York County might pursue an independent audit of the foundation involved in a failed deal to develop 400 acres along the Catawba River for a new county museum.
But first, county leaders hope the Culture and Heritage Foundation, which supports the Culture and Heritage Museums, will comply with a request for more specific financial records from the project.
In 1998, Jane Spratt McColl donated 400 acres along I-77 and Sutton Road in Fort Mill to the foundation with the hope a county museum would be built there.
In 2006, the foundation partnered with a developer to build a mixed-use community on a portion of the land. Proceeds from the development would pay for the new museum, foundation and museum leaders thought.
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The partner paid the foundation $4.5 million in exchange for 54 percent ownership in the project. But the deal fell through, and now, the foundation and a subsidiary have until June to pay the developer $3.78 million.
Facing questions from county and museum leaders, and most recently from state Rep. Ralph Norman, R-Rock Hill, the York County Council has asked to see the project's financial records.
The foundation will review the request at its April 26 meeting, Carol Maroska, the foundation's president, told County Manager Jim Baker.
Maroska expressed frustration with the recent controversy over the land deal, likening it to "a political force trying to dig up something."
In the meantime, she told The Herald, the foundation is "a private entity trying to turn land into profits for the benefit for these (museum) organizations."
To pay its debt, the foundation has struck a deal with Carolinas Healthcare Systems to buy the property.
Though Maroska could not say whether the deal was near complete, she said it was promising.
The June payment deadline might be extended for a year if necessary, she said.
A credible audit
At Monday's York County Council meeting, Norman suggested that the council seek an outside group of legal, accounting and development experts to review any financial information provided by the foundation.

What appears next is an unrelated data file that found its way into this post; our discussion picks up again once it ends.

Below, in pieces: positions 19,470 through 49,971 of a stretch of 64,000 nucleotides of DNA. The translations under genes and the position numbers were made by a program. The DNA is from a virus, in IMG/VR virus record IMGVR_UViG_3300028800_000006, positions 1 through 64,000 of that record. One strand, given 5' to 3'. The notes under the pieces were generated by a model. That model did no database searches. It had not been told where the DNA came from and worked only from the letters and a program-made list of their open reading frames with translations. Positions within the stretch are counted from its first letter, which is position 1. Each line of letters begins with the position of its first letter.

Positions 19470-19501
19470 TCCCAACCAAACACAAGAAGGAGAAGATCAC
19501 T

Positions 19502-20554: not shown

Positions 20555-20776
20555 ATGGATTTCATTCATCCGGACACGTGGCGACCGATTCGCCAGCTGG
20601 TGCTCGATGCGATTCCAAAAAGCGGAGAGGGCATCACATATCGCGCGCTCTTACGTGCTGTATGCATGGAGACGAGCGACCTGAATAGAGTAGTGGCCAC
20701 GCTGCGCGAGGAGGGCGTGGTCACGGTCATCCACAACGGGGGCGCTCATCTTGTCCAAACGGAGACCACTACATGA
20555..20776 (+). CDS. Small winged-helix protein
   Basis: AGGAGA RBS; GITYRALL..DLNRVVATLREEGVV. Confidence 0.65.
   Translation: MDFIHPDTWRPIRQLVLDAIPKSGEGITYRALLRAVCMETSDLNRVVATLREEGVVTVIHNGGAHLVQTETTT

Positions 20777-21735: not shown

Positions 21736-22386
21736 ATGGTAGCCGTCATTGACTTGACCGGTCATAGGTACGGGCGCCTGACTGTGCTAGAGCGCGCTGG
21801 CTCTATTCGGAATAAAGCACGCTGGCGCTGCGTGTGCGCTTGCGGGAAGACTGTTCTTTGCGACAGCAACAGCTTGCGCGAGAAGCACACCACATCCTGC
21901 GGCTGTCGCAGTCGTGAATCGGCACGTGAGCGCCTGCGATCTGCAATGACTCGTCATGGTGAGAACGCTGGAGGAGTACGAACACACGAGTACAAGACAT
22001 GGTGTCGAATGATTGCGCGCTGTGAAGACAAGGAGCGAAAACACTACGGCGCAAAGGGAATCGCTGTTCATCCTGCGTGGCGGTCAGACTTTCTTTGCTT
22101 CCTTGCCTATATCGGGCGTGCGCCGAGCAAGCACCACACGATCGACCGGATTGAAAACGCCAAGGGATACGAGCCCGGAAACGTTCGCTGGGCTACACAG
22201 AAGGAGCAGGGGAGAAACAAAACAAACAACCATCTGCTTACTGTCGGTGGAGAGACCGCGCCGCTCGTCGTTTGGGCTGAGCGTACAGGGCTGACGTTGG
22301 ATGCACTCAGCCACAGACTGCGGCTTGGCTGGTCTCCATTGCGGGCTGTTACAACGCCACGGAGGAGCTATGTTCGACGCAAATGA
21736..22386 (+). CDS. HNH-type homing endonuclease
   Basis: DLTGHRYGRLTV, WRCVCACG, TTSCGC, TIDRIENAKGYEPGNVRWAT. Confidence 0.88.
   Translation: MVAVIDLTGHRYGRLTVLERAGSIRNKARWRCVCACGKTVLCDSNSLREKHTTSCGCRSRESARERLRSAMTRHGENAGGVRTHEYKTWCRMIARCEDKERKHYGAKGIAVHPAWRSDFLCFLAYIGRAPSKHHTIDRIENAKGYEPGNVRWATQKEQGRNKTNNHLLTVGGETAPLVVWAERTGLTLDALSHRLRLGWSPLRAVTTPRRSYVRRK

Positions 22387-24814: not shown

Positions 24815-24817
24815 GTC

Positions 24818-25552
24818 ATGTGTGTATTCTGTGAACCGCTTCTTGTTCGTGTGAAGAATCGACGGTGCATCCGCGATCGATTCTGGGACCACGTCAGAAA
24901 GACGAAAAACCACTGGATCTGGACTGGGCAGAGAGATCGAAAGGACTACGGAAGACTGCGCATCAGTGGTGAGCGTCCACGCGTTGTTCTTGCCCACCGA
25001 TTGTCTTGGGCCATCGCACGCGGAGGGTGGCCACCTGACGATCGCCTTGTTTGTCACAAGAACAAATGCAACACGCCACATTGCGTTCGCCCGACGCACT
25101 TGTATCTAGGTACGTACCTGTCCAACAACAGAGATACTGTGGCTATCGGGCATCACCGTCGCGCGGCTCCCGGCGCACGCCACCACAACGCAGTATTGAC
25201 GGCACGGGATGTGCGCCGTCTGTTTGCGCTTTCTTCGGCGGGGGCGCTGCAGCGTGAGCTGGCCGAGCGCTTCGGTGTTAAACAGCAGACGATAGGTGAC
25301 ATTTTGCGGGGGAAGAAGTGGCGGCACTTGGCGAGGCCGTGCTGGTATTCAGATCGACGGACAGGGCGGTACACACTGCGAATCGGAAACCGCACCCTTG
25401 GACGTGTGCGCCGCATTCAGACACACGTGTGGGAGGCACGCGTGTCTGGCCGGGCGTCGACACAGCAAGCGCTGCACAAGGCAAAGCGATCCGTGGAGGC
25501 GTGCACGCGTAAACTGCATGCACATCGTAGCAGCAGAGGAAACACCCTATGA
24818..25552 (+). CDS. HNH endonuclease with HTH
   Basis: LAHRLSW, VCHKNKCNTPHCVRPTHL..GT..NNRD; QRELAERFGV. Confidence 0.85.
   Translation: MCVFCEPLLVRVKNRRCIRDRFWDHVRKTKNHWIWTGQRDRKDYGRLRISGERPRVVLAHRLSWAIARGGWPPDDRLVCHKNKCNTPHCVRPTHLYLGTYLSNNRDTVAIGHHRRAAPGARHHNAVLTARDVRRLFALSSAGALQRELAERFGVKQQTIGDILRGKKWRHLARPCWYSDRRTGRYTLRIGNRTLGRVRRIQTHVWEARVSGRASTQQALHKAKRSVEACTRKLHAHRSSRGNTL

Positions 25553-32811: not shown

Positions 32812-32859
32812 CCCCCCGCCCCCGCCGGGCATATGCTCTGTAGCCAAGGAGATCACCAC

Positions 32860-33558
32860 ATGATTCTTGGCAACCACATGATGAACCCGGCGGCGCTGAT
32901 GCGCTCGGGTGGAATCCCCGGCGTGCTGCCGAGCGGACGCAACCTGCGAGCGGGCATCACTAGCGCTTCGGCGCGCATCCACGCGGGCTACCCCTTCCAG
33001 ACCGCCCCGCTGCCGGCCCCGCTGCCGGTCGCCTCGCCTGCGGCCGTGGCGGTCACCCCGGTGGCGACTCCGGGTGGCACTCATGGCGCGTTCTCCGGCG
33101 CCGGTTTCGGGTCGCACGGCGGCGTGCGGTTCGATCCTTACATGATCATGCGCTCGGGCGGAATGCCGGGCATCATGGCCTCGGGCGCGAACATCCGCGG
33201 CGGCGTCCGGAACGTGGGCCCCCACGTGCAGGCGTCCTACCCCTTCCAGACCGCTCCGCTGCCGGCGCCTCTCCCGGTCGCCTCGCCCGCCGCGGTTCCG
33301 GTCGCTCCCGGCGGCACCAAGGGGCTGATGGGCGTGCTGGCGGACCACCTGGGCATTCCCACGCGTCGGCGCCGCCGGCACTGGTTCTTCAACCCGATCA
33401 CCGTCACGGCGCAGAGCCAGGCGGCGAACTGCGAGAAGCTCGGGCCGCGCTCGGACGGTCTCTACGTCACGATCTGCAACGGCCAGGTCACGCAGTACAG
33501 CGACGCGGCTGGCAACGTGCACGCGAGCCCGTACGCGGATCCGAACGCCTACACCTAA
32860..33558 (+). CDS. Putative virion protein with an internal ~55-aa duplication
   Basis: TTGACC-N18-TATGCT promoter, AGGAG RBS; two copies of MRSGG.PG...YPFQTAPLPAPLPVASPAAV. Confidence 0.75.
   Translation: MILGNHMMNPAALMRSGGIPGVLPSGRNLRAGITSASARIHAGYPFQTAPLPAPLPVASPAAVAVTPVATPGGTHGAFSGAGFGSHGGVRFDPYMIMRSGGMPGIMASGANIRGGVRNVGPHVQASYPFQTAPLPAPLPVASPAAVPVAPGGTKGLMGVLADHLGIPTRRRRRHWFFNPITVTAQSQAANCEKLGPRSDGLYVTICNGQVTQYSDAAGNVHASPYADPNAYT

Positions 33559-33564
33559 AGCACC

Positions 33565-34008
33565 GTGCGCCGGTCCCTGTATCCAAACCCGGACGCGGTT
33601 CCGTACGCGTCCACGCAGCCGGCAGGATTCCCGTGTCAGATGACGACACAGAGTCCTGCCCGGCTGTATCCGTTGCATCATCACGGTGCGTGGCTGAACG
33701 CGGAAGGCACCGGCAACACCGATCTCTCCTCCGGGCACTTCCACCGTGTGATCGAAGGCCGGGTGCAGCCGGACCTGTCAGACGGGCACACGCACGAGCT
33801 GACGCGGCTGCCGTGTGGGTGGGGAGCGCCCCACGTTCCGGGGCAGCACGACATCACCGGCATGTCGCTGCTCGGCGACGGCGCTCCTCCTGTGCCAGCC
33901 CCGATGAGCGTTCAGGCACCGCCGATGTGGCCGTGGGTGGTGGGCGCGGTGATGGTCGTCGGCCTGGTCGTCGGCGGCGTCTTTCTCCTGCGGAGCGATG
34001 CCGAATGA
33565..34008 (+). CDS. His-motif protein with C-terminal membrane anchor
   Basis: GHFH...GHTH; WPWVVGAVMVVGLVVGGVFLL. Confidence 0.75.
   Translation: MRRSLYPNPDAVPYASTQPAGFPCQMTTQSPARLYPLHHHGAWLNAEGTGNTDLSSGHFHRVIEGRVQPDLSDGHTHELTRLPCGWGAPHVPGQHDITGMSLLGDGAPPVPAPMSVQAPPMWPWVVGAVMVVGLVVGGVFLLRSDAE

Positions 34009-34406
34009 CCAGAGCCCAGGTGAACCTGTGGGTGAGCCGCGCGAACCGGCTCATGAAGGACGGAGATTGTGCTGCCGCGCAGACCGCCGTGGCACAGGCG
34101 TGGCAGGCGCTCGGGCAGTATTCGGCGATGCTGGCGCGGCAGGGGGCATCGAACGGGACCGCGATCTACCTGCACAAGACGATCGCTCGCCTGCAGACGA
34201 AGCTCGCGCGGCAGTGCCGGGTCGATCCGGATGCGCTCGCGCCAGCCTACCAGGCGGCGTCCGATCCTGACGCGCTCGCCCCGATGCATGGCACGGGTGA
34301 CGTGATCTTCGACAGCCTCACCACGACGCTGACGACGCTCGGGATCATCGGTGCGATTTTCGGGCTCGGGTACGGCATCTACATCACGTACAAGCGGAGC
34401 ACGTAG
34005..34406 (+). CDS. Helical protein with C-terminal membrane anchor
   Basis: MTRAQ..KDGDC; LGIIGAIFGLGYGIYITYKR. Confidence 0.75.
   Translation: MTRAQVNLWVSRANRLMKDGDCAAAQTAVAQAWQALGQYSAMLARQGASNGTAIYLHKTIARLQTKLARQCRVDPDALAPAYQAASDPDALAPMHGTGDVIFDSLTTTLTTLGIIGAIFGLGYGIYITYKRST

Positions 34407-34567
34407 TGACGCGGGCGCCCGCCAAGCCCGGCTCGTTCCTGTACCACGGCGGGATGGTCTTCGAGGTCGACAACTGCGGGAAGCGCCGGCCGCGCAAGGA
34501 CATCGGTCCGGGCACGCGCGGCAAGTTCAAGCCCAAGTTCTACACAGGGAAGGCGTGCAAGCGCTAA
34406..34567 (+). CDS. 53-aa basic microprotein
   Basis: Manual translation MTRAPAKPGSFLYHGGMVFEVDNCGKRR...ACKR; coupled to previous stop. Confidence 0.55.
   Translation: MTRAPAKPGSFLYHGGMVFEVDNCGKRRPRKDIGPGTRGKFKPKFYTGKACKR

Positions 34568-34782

"To have that land, which is a great piece of property, and to have that kind of debt on it with nothing to show for it is not right," he said.
York County Council Chairman Britt Blackwell also had been exploring the idea of an independent audit.
A Winthrop professor might be willing to volunteer time to review the information, he said.
Foundation officials previously have told The Herald that some of the $4.5 million from the developer went to support existing museums. Some was invested in the failed development project.
Aside from archeological surveys, no earth has been moved on the property, no water or electricity installed, no roads paved. But project leaders did invest in predevelopment activities and purchased additional land to improve access to the site, foundation leaders say.
They've provided county leaders and The Herald financial summaries, including a partial list of legal and land development, consulting and architecture firms hired during the venture.
The council's request is for complete profit and loss statements and financial transaction information. It might decide to have an impartial party review that information.
Baker and Blackwell said that however a group is selected, the process must be open and conform with county policy.
For the public to trust the results, all concerned parties must have confidence in the group and how they conduct the audit, Baker said.
Who will pay for an audit is still unclear.
Blackwell suggested a good approach might be to assemble a team of volunteers.
"We don't want to even consider having taxpayers pay for the inquiry until we see the options at hand," he said.
Norman said a group of concerned citizens might be willing to foot the bill, but that idea drew mixed reaction from county leaders.
Baker said the council will have to decide whether it's appropriate for a private group to fund the review.
The idea for an independent review comes as the foundation and the Culture and Heritage Commission, which governs the county museums, have come under fire for alleged poor management, lack of transparency and other issues.
"If the council doesn't do it, it's not going to be done," said Councilman Curwood Chappell of the review.
Councilman David Bowman said it's not the council's role to ask the foundation for anything because it's not supported by county taxes. The land was donated to the foundation, not the county, he said.
Bowman is among those who maintain that the private, nonprofit foundation isn't subject to open records laws. But others argue that because the foundation was created to benefit the museums and has received staff support from the museums, the foundation should be willing to provide the requested financials.
County Attorney Melvin McKeown has said repeatedly that the county has no liability for anything that happens with the property, Bowman said. The responsibility for investigating any issues, legitimate or not, lies with the IRS, the state or donors, he said.
"If there are donors that are having some questions, they need to drive this horse," Bowman said. "The county and the county council doesn't need to be in the middle of it."